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Lewis : inspiro

inspiro, inspīro, āvi, ātum, 1, v. a. and n., to blow into or upon a thing; to breathe into, inspire (poet. and post-Aug.). Lit., to blow into; with the simple acc.: foramen, Plin. 10, 29, 43, § 84.—To blow upon; with abl.: fistulā sensim graviusculum sonum inspirare, to blow upon the flute, produce by blowing on the flute, Gell. 1, 11, 13: Atticos ιχθύν, ἱρόν inspirantis primae litterae dixisse, to pronounce with a breathing, to aspirate a letter, id. 2, 3, 2.—With dat.: alicui animam, to breathe into, Vulg. Sap. 15, 11; cf.: in faciem ejus spiraculum vitae, ib. Gen. 2, 7.—Impers.: si gravitati aurium per fistulas inspiretur, Plin. 34, 12, 32, § 127.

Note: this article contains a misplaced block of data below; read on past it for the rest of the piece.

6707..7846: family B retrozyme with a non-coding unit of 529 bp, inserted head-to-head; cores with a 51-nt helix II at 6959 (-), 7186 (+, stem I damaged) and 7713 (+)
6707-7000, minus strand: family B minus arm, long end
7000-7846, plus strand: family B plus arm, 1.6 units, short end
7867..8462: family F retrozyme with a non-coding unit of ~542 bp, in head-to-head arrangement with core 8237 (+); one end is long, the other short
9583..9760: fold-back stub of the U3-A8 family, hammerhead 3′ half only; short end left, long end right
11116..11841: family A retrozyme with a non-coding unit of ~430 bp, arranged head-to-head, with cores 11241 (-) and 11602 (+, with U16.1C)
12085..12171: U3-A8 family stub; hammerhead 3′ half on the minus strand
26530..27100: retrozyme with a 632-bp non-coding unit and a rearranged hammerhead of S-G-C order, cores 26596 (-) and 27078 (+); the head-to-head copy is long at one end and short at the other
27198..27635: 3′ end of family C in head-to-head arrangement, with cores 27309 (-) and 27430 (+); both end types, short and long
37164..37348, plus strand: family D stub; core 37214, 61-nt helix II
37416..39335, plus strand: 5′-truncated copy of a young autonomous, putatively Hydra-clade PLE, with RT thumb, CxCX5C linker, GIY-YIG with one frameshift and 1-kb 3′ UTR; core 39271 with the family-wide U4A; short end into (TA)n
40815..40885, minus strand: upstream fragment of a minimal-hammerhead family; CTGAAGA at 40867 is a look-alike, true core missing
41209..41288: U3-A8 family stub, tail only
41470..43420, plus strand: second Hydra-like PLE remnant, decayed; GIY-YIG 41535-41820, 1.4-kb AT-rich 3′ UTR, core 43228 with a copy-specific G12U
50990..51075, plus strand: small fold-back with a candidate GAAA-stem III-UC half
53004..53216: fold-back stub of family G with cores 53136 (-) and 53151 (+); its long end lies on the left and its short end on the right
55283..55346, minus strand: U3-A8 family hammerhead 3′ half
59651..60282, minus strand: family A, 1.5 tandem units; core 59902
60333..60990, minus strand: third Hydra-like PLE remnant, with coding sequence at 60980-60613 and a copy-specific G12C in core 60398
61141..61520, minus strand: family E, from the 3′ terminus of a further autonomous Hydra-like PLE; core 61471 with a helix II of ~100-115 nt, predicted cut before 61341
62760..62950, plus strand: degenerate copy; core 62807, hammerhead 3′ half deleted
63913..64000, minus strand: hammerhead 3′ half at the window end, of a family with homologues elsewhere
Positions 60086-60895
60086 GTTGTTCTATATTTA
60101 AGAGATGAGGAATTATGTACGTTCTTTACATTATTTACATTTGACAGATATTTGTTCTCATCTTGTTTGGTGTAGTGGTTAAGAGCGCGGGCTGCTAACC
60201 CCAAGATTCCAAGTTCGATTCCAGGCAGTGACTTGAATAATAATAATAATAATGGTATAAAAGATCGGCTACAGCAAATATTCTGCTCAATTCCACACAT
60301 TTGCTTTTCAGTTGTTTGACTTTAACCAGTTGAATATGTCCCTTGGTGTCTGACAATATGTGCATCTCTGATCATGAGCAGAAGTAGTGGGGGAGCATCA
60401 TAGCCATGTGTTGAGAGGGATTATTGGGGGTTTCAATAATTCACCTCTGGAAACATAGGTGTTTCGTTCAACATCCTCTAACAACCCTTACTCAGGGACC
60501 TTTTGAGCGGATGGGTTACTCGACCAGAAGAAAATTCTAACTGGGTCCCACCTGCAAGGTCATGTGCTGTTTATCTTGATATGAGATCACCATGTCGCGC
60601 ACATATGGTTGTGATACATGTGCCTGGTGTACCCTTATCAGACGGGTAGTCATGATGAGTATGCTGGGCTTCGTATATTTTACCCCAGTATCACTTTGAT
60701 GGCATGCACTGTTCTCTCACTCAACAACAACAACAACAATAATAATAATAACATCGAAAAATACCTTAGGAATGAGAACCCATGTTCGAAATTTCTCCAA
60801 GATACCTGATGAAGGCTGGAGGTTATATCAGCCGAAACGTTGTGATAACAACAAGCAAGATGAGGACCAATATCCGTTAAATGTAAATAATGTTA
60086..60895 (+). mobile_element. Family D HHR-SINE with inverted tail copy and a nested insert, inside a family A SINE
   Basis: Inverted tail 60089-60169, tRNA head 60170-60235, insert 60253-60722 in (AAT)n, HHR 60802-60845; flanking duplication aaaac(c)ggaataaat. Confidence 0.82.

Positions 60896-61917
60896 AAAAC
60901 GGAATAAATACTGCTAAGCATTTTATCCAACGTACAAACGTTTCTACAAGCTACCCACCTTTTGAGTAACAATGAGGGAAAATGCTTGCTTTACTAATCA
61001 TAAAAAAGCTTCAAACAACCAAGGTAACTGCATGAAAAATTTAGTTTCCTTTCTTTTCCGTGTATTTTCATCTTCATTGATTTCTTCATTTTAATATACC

Trop., to breathe into, inspire, excite, inflame: occultum ignem, Verg. A. 1, 688: magnam mentem animumque, id. ib. 6, 12: amorem, Stat. S. 1, 2, 194: fortitudinem, Curt. 4, 13, 12: iram, misericordiam, Quint. 12, 10, 62: quibus viribus inspiret (orator), animate, inflame, Quint. 2, 5, 8; 5, 14, 32.

Of religious feeling or influence, to inspire: unde adhuc, qui inspirari solent, fatuari dicuntur, Just. 43, 1, 8: vates, id. 18, 5, 7: Spiritu Sancto, Vulg. 2 Pet. 1, 21 et saep.—Hence, adv.: inspīrātē, inspiredly, benignantly, abundantly; only comp.: inspiratius, Val. Max. 3, 8, 2 (dub. al. insperatius).